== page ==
Toshka: A Great Memory of Nubia is Coming Back to Light

Tuesday, March 1, 2016

Thanks to Simpson funds and Yale Egyptology, Toshka: A Great Memory of Nubia is Coming Back to Light.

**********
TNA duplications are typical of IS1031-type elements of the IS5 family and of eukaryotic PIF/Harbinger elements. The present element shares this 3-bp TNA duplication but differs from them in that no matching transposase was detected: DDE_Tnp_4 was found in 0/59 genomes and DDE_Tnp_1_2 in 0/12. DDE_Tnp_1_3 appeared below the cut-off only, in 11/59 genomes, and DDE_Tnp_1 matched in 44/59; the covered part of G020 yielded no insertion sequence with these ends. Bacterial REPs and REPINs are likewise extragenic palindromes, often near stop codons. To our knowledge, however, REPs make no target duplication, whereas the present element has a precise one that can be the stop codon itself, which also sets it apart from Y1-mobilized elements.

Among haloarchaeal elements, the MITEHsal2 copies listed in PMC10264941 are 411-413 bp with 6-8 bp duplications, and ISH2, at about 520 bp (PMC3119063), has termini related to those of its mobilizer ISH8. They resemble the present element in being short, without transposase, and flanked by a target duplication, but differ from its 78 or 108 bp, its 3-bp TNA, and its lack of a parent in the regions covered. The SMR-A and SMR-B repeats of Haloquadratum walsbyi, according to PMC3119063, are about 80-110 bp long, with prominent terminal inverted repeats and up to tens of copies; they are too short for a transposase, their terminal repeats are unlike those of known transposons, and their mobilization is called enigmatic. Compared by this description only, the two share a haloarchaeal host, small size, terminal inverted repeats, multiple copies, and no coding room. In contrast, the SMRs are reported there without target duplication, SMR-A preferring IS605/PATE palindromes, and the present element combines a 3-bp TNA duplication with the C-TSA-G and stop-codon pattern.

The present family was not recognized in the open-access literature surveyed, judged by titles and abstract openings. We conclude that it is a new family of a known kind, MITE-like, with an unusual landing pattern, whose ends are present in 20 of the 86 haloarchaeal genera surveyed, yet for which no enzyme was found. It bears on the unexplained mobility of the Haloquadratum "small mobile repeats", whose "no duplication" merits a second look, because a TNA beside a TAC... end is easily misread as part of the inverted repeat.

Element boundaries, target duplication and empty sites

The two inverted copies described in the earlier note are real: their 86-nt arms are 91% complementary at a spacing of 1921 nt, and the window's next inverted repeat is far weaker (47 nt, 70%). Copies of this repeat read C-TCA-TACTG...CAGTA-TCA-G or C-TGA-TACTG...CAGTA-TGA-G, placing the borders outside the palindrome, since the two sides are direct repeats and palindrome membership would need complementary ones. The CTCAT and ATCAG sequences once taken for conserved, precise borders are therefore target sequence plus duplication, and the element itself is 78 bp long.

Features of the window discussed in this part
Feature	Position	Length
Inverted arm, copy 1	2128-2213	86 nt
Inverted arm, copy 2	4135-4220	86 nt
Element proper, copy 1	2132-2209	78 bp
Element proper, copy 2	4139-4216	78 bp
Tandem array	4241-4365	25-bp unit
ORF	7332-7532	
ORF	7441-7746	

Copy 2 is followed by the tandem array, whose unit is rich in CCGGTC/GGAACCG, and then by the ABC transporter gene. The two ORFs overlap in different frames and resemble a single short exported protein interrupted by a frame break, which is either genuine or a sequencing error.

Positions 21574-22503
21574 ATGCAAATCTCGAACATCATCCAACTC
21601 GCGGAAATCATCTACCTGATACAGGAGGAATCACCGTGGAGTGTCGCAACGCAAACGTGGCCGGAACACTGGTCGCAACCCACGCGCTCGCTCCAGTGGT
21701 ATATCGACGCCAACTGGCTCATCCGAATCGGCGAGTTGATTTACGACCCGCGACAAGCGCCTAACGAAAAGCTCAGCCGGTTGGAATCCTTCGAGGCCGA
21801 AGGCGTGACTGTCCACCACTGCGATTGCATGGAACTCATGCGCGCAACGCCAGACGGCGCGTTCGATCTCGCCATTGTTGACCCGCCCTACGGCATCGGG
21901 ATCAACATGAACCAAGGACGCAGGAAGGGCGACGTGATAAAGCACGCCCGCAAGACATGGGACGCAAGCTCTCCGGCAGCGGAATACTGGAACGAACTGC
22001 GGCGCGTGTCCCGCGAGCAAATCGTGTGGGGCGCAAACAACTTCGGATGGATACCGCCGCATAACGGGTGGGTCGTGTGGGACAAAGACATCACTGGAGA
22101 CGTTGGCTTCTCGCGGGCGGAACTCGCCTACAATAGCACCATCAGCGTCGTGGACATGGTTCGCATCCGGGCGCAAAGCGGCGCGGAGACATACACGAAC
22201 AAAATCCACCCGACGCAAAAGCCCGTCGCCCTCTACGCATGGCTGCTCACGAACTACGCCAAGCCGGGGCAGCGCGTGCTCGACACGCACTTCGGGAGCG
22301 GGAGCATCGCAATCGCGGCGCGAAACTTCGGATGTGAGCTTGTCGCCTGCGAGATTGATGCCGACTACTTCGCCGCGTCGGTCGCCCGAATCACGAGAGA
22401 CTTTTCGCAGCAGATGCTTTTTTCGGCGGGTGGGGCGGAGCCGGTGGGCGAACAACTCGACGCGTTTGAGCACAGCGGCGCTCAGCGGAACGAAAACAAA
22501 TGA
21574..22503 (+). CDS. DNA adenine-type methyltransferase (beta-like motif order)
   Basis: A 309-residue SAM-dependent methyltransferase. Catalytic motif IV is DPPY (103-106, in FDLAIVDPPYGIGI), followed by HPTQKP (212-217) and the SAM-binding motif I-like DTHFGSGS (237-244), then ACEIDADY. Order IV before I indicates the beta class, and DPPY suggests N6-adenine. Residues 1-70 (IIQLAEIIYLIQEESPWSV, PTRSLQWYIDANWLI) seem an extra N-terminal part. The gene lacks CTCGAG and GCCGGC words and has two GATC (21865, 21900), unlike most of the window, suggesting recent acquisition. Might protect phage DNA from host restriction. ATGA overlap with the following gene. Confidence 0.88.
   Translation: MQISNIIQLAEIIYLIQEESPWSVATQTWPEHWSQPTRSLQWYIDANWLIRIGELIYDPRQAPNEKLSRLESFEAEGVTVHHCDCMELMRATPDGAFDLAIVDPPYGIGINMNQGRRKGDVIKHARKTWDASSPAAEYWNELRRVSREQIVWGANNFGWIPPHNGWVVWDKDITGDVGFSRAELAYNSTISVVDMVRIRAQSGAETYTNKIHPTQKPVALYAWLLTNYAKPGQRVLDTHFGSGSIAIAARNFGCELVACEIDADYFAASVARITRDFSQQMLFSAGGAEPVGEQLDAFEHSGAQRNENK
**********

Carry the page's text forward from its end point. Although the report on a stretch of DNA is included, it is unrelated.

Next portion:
The Pennsylvania-Yale Expedition to Egypt worked in Nubia for three seasons, from 1961 to 1963 under the direction of the Yale professor of Egyptology William Kelly Simpson. In 1961 the expedition investigated Bronze Age Nubian evidence in Toskha East and Gebel Agg. In 1962 the work concentrated on the excavation of several Bronze Age Nubian cemeteries in the area of Toshka West. In charge of their excavation was Alan R. Schulman, at that time a graduate student in Egyptology from Penn University, and Bruce G. Trigger, a graduate student in Anthropology from Yale. Several monographs resulted from the expedition work, including the publication of the New Kingdom tombs of the Nubian princes of Miam at Toskha East, the most famous of whom is Heka-nefer, and the important rock inscriptions at Gebel Agg. Regrettably, much of the archaeological material from the Middle Nubian sites remained unpublished. In 2008, the Yale Peabody Museum of Natural History in collaboration with Yale Egyptology began a re-examination of the material from Toshka West (TW) Cemeteries B, C, and D, the site of Gebel Agg at Toshka East (TE), and miscellaneous sites. Excavation records and objects, now stored at West Campus facility are the core of the current work. Dr. Maria Carmela Gatto (at Yale Egyptology until 2013), is coordinating the project and the Nubian section working along with prof. Colleen Darnell (at Yale until June 2015), responsible for the Egyptian artefacts and Renee Leary (Yale Alumni) that is doing a fundamental work of review, description and data base entries for each single pieces of this huge amount of archaeological objects. Alberto Urcia (Yale Egyptology specialist in digital archaeology) is curating the graphic documentation, integrating the archive with new high-resolution photographs (in collaboration with YDC2 and Dept of Anthropology at West Campus), producing maps and managing the contents for the outfit of the upcoming publication. Thanks to this and the precious contribution of many other researcher and specialists that will be properly featured in the official presentation, it will be finally possible to discover this amazing collection and its background, looking back on the history of the Penn-Yale Expedition and its participation to the UNESCO Campaign for the safeguard of this African region and his so endangered culture.